Is Jim DeMint The Most Hated Man In Washington?

Machiavelli’s famous advice to politicians is that it is better to be feared than loved. Less often quoted is an equally valuable admonition: avoid being hated.

Jim DeMint, the former senator-turned-Tea Party leader at the helm of the Heritage Foundation, never tried to win the love of the Republican establishment. He did, however, succeed over the past several years, first as the junior senator from South Carolina and since last year, as head of the GOP’s most prominent think tank, at being feared by his fellow Republicans. But now he finds himself in the position of being merely despised.

Just a few months ago, headlines declared DeMint the “shadow speaker” who “pulls the strings” in Washington, and he was credited with almost singlehandedly grinding Washington to a halt. (Including by DeMint, who boasted that he had “more influence now on public policy than I did as an individual senator.”) The real House speaker, Ohio’s John Boehner, couldn’t stop the government shutdown that DeMint and Tea Party groups orchestrated and cheered when they convinced a majority of House Republicans to go along with their defund-Obamacare-or-else strategy last October.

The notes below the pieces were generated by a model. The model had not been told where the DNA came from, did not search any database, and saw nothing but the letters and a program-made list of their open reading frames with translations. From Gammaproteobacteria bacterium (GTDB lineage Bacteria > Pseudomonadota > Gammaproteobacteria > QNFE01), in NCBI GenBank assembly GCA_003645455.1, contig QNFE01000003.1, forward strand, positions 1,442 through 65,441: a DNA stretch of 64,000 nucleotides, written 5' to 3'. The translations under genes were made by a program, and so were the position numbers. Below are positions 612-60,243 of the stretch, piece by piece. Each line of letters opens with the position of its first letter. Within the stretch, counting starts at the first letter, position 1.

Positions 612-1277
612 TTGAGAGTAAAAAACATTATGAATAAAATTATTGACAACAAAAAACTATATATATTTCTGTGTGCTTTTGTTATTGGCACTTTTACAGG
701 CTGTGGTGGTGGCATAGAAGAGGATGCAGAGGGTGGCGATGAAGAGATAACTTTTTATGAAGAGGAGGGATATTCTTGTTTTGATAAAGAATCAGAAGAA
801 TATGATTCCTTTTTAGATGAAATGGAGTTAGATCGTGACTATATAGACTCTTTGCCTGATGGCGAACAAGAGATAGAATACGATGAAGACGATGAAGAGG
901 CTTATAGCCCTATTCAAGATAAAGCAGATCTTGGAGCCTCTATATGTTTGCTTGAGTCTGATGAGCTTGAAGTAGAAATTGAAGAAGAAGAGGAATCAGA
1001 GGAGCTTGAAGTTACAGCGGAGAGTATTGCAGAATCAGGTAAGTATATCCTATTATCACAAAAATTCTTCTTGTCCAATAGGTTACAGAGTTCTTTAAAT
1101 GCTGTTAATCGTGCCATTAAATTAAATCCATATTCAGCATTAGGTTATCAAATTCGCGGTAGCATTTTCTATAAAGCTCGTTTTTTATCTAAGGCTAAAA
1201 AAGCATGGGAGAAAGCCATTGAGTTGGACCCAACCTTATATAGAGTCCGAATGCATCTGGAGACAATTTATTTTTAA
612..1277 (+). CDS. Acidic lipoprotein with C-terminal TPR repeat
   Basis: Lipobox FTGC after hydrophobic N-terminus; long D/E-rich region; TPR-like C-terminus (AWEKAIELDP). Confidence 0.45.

That was then. But ask around Washington now, and you’ll hear that while DeMint is undoubtedly still a Republican power broker (and a high-profile one at that, whose new book, a gauzy tribute to the USA called Falling in Love with America Again, comes out Tuesday just in time for some election-year proselytizing), he no longer strikes fear in establishment Republican hearts.

“I think it was a big blow to DeMint,” Republican strategist Ford O’Connell said of Boehner’s outburst. “And in some ways it was a learning moment for DeMint. Whether he recaptures that previous influence is up to him and that means sort of picking and choosing his battles.”

“[DeMint’s] moved it more in the political direction than the policy direction,” said O’Connell. “If he moves it too far, he could be—how should I say it?—killing his own golden goose.”

“Heritage Action is getting the boom it’s getting because it’s got ‘Heritage’ in front of ‘Action,’” he continued. “If Heritage is weakened too much, there is no Action.”

Read more from Pema Levy at Politico Magazine 

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Analysis & Political Strategy